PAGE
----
Thought For The OPEN Mind - Humor From American Culture!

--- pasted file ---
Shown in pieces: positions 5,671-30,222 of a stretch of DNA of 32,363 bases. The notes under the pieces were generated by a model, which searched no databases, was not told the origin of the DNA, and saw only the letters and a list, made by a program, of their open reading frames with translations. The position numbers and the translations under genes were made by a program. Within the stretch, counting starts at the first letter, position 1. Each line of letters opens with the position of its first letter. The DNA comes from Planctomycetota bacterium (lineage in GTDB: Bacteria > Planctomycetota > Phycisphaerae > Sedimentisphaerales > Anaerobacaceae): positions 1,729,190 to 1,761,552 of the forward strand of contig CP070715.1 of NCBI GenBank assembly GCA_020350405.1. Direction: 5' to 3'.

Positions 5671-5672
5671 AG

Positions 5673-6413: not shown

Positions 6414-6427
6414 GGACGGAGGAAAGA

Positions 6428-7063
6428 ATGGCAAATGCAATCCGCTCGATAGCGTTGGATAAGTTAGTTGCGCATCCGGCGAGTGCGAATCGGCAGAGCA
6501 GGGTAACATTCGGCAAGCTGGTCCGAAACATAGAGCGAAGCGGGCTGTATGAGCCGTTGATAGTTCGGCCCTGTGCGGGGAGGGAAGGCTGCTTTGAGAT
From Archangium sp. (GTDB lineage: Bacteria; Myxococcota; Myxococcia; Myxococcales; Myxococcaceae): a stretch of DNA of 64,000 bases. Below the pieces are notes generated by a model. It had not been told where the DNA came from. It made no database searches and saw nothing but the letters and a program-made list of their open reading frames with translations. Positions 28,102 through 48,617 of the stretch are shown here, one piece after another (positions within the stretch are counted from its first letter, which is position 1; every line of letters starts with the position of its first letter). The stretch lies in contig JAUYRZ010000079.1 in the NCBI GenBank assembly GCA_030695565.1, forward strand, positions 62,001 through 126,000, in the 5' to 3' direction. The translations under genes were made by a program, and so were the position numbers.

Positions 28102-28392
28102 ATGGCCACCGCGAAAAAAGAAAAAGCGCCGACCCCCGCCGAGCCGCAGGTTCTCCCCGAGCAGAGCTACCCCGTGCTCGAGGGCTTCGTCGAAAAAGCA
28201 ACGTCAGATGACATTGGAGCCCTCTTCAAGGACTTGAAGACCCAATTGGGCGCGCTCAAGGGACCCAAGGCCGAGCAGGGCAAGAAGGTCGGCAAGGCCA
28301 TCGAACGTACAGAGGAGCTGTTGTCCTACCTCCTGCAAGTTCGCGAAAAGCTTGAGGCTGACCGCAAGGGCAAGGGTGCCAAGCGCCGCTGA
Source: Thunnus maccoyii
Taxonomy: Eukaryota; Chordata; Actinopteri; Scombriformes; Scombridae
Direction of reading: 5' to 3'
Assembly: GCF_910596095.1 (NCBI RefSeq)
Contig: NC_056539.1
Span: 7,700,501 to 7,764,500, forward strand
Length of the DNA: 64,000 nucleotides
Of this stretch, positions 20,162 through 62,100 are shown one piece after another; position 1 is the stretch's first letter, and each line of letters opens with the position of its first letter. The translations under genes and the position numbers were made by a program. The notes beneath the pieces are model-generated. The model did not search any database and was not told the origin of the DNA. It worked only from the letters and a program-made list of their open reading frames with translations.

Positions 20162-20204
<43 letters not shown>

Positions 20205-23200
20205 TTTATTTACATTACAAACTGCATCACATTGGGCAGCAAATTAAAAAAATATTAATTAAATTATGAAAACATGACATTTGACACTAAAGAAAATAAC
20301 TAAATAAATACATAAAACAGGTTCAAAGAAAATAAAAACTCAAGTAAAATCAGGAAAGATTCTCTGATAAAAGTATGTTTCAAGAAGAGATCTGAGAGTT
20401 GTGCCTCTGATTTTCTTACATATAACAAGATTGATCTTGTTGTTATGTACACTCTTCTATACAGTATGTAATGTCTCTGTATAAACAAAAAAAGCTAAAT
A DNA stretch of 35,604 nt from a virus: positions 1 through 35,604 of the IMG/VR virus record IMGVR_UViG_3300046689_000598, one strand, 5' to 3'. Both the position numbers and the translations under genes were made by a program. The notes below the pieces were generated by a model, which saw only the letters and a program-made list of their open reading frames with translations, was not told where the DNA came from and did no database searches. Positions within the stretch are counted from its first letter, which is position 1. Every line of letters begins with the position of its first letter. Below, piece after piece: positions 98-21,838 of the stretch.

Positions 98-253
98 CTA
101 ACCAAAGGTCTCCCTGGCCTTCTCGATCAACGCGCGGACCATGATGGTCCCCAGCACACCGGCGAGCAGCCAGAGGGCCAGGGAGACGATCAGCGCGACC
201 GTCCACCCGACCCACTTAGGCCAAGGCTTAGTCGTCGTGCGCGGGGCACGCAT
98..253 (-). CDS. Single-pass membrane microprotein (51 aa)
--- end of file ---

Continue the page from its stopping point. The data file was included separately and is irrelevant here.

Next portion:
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You may not be able to find the word capitonym in the dictionary, but it has been used to describe words that change their pronunciation and meaning when capitalized. Here is a selection of capitonyms: Ares: God of War; ares: Plural of metric unit of area. August: Eighth calendar month; august: Important. Begin: Russian-born Israeli politician; begin: To start. Bund: Federation; bund: Irrigation embankment. Chou: Chinese dynasty; chou: Type of pastry. Degas: French painter and sculptor; degas: To remove gas. Embarrass: River in eastern Illinois; embarrass: Mortify. Ewe: A people and language Africa; ewe: Female sheep. Job: Author of a Biblical book; job: Employment. Junker: Member of Prussian aristocracy; junker: Old car. Lima: Capital of Peru; lima: Type of bean. Magdalen: Oxford college; magdalen: Reformed prostitute. Male: Capital of the Maldives; male: A gender. Manes: Deified spirits of Roman dead; manes: Plural of mane. Natal: Region of southeast Africa; natal: Relating to birth. Nice: French City; nice: Pleasant. Polish: Relating to Poland; polish: To make shine. Rainier: Volcanic peak in Washington; rainier: More rainy. Reading: Borough in England; reading: Comprehending writing. Said: Egyptian port; said: Spoken. Scone: Village of central Scotland; scone: Biscuitlike pastry. Seat: Car manufacturer; seat: Chair. Slough: A borough in England; slough: Dead skin of reptile. Tang: Chinese dynasty; tang: Sharp Flavor. Worms: City in southwest Germany; worms: Plural of worm. Capitonyms are not really true heteronyms for two reasons. First, the capitalized forms are proper nouns, and as such may not be found in standard dictionaries. Second, a pair of heteronyms must be spelled identically.